We must ensure that we allow law enforcement to target those businesses which are involved in serious crime with what is effectively a higher regulatory burden. This will enable them to be prevented from continual engagement with serious crime while, at the same time, keeping a light-touch regulatory burden in a particular sector for those organisations not so engaged. So, for example, where a business has been proven to be involved in serious crime, an order can require it to provide its accounts or other information to an authorised monitor to ensure that it complies with a requirement not to conduct its business in a particular way. This will be effective where the information concerned is particularly complex and where someone like a forensic accountant will be able to make a far better assessment of the way the business is conducting itself than law enforcement would be able to by itself.

This effectively increases the regulatory burden on the business and brings with it an additional cost to that business. That is the cost of showing that it is acting in a way we would expect all businesses to act; that is, that it is not involved in serious crime. This cost is targeted, as advocated by Professor Macrory, through a risk-based approach, based on previous involvement in serious crime.

Regulation does, of course, impose a cost on business, but we can all agree that this is better than the results of no regulation at all. Similarly here, there is the potential, where reasonable and proportionate, for there to be a burden on the business concerned, but this is to be preferred to the potential cost of having to regulate an entire sector.

There is also a safeguard included in the amendments whereby the court will impose a requirement to pay the costs only where it considers it to be appropriate to do so. In coming to this decision, it will have to have regard, first, to the means of the body corporate, partnership or unincorporated association concerned; secondly, the expected size of the costs; and, thirdly, the effect of the terms on the ability of the body corporate, partnership or unincorporated association which is carrying on business to continue to do so.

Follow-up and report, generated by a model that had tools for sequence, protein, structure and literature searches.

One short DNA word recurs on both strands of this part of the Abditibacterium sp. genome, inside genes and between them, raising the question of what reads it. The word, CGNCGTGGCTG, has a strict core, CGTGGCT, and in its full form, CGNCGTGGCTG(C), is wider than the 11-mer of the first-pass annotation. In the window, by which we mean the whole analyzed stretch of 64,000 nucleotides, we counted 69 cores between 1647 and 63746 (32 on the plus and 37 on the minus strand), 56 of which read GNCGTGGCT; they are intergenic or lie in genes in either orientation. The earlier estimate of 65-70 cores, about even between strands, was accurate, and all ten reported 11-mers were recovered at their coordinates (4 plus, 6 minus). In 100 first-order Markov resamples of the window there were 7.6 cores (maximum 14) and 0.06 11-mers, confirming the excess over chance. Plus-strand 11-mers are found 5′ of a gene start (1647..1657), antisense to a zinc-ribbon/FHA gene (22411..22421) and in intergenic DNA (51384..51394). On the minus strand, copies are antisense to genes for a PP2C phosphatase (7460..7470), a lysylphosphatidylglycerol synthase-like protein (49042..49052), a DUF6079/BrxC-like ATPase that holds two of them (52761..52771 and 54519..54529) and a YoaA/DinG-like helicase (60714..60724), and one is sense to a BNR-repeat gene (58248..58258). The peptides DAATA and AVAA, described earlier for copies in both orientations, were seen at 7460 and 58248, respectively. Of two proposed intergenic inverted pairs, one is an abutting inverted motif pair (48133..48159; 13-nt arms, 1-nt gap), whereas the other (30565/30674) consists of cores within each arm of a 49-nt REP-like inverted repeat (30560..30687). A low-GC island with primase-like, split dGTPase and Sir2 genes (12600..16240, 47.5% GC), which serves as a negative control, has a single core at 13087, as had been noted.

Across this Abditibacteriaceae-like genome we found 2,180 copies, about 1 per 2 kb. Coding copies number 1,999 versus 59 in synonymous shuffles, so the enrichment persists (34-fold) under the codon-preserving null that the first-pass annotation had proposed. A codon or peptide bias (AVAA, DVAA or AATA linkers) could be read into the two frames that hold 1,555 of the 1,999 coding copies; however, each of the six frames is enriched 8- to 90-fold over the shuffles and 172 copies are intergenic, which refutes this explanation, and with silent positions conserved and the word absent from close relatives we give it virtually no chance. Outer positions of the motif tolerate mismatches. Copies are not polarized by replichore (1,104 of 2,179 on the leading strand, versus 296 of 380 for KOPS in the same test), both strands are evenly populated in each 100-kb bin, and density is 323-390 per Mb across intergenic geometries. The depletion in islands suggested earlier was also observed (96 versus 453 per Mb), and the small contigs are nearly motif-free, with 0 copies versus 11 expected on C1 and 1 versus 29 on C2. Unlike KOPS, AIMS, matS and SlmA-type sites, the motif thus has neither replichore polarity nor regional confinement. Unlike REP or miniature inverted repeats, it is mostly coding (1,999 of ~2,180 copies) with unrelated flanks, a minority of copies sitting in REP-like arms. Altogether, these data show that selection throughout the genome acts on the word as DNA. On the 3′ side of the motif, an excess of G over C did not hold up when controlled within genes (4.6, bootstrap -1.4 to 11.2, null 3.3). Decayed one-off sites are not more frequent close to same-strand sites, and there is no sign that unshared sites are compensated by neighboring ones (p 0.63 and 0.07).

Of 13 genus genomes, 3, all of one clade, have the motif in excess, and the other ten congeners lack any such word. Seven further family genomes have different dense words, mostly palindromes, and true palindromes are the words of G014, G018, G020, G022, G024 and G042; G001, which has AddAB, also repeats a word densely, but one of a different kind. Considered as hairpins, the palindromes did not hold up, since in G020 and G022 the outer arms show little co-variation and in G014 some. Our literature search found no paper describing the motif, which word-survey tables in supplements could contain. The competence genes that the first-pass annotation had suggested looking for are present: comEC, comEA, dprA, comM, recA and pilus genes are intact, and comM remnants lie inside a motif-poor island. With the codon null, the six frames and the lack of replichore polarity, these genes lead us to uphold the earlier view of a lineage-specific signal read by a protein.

This provides a very strong steer to the courts to ensure that orders in relation to costs are used only where the overall effect on the business is not such as to cause damage to it as a continuing concern. We need to ensure that businesses are not being used by serious criminals while, at the same time, recognising the importance of ensuring that the business sector as a whole is not damaged by measures designed to combat the few. These amendments strike this balance.

Finally, I know and understand that some noble Lords have expressed an interest as to how the cost process will work. As I said, we have included the safeguard to ensure that the court looks at certain factors such as the means of an organisation in deciding whether a provision is appropriate. We have included in the new clauses provision for the details of how costs will be assessed to be set out by order. I do not think it is necessary to have such detail in the Bill, but perhaps it will be useful to make a few points clear.